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WWII Veteran Honors Fellow Comrades on Memorial Day

Veterans Jim Glassman and Warden Foley pay their respects at the grave of Thomas Mickler, a fellow veteran and former commander of American Legion Post 24.

Veterans Jim Glassman and Warden Foley pay their respects at the grave of Thomas Mickler, a fellow veteran and former commander of American Legion Post 24.

— He moves throughout the cemetery, stopping to pause and remember the men he has come to see before placing a flag at their grave and moving on to the next. For World War II veteran Warden Foley, this Memorial Day ritual began nearly half a century ago as a labor of love and respect for his fellow veterans.

“I just always felt they should be honored in some way,” said Foley, who travels to area cemeteries in the days leading up to Memorial Day to place flags at the graves of his fellow American Legion Post 24 commanders. “I've never kept track of the graves I visit each year. I just know where they are because I was a pallbearer at their funerals.”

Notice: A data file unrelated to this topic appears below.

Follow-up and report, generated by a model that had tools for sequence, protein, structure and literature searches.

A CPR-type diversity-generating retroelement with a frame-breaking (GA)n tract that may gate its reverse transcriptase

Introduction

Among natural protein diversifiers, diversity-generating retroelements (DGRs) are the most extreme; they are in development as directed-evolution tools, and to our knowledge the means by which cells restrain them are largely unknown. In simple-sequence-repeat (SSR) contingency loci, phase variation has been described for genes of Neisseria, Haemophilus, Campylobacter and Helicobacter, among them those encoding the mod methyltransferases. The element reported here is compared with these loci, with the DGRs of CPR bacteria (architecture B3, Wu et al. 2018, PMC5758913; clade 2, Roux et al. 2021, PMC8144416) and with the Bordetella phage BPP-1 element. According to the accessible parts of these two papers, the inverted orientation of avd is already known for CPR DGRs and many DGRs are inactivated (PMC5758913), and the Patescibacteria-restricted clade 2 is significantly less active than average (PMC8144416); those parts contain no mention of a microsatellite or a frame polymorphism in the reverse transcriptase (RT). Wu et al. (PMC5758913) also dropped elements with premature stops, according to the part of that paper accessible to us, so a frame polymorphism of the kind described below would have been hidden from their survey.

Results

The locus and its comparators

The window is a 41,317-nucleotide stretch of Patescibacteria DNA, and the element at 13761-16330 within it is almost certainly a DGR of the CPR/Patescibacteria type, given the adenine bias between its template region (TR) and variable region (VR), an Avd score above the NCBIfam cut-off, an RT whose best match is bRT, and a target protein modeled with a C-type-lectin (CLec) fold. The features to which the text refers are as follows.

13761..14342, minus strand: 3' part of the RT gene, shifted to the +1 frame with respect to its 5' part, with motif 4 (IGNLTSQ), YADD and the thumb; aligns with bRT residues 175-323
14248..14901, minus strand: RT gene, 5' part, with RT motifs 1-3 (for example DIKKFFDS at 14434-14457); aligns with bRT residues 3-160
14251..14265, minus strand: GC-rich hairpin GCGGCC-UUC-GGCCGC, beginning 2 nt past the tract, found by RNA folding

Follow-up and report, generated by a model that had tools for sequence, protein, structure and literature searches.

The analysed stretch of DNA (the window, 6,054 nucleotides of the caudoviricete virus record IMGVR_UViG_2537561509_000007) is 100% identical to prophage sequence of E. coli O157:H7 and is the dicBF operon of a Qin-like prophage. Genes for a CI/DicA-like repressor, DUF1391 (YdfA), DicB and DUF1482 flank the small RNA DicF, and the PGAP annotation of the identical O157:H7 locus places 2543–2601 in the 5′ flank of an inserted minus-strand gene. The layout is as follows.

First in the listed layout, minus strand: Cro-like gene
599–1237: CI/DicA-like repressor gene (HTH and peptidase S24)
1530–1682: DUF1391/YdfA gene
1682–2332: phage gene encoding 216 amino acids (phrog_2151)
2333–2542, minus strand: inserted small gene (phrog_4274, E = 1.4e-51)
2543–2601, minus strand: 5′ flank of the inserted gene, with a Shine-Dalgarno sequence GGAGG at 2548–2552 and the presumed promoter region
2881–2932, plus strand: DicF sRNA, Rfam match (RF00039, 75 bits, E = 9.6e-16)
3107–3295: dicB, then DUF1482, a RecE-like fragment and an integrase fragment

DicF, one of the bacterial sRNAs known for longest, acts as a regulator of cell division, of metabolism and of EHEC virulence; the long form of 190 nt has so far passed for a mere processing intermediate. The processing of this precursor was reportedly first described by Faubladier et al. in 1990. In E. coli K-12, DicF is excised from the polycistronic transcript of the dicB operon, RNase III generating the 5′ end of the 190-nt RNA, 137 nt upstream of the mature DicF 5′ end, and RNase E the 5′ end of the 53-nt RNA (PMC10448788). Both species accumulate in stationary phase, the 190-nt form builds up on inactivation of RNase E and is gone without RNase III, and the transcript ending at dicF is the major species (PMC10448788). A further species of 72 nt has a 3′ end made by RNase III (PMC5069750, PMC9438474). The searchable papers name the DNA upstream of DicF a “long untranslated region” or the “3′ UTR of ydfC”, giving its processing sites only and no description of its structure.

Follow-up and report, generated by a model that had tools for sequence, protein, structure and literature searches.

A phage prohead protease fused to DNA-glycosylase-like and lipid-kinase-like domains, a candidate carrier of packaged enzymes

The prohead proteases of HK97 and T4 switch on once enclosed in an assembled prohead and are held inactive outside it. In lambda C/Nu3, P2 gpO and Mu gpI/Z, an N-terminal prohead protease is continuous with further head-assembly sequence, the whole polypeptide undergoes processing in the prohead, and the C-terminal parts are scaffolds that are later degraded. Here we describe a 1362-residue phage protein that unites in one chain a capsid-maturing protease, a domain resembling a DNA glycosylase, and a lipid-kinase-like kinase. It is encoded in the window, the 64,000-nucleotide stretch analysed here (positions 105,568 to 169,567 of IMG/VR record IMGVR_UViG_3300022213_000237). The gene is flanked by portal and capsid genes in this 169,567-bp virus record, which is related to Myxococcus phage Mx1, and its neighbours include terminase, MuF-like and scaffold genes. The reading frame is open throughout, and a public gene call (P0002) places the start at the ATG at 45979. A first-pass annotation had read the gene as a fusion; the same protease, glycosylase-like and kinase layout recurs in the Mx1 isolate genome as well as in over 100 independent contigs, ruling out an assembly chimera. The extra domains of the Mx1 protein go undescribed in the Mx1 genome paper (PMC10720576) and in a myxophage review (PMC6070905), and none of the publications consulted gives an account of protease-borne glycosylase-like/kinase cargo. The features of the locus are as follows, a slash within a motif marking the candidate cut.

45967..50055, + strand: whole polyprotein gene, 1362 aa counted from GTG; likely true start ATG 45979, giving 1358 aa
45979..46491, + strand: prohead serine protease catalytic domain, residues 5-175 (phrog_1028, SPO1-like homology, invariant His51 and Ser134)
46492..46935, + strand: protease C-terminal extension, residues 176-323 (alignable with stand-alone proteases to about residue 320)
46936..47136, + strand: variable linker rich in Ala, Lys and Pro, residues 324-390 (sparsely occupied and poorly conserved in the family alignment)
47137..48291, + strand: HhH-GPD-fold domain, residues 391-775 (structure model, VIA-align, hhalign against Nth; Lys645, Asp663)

According to Vietnam veteran Jim Glassman, Foley has been quietly following his routine for more than 40 years now.

“No one has kept records and Warden has always been very private about doing this,” said Glassman, who has been assisting Foley in his memorial tribute to fellow Legionnaires for the last 10 years. “But it's likely been more than 40 years now and he visits more than 75 graves over the course of the days leading up to Memorial Day.”

Foley and Glassman made stops at Ivy Hill Cemetery, Arlington National Cemetery and Mount Comfort Cemetery, where three former commanders are buried and a final flag was placed at the grave of Thomas Mickler on May 27.

“I can't remember when he died,” Foley said, noting that the headstone was never inscribed with the date of his death. “The last of the men will be honored at Alexandria National Cemetery on Monday.”

At 91 years old, Foley has yet to slow down but admits that perhaps he needs to record the names and location of the grave sites so that others can carry on when he is no longer able.

“I've never used a map or written anything down,” Foley said. “But I suppose it's time since I hope others will continue when I am gone. These men need to be honored and their service to our country and the American Legion never forgotten.”